Millennium Post

Manmohan and Chidambaram claim Jaitley’s Budget bereft of big ideas

Slamming the Annual Budget presented on Monday by Finance Minister Arun Jaitley, the Congress said it was bereft of new ideas. Former Prime Minister Manmohan Singh said the government had unveiled a “mixed bag Budget” with no big ideas. He also said the government’s announcement that farmers’ income would be doubled in the next five years was an “impossible idea”.

“It is a nit-picking budget. There is no big idea except one that was mentioned on Sunday by the Prime Minister himself, that the government plans to double the farmers’ income in the next five years. I think it is an impossible dream and there is no inclination, no way of telling the country how it will be achieved because it implies a 14 per cent annual increase in the farm income in each of the five years,” said Singh.

Toeing the same line, former Finance minister P Chidambaram said: “the one big takeaway from this Budget was that there is no big idea.”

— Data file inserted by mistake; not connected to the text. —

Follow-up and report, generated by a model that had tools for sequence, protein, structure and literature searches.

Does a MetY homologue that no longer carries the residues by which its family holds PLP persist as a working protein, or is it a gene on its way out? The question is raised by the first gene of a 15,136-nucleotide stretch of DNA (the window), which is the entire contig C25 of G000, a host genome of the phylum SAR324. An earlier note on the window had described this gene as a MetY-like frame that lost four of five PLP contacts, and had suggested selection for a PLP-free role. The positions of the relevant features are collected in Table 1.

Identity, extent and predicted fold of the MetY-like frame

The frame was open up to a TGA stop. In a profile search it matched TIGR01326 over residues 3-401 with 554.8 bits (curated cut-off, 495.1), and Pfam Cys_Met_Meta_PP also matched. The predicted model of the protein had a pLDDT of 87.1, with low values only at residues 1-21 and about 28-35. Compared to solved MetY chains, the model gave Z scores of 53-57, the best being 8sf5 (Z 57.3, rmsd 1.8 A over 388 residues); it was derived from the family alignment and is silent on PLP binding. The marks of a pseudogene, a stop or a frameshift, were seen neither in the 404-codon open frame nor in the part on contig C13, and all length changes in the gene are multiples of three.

Addressing the media in the evening, he said, “The crucial point in agriculture is the price. Last year, I think farmers were cheated. In many cases, there was a very poor increase in MSP (Minimum Support Price). In some cases, there was zero increase in MSP.”

He criticised Jaitley for “no new idea” in the government’s budget and alleged that the government has been dragging its feet on the crucial but stalled Goods and Services Tax (GST) legislation. 
“GST has only been delayed because the government is unwilling to step away from its stubborn position,” Chidambaram said. Asked if he saw the budget political in its essence, the Congress leader said the government passed two “forgettable budgets earlier”. “Clearly the (new) budget was expected to be political and I am not surprised.”

“Immediately, it is the price signal that will enthuse farmers. Farmers are not getting fair and remunerative prices,” the senior Congress leader said. 

Chidambaram played down suggestions that the Budget was pro-poor.  “Pro-poor and all are catch-all phrases. I want to know who is happy. Tax payers? Market? The middle class? I don’t think so.” 

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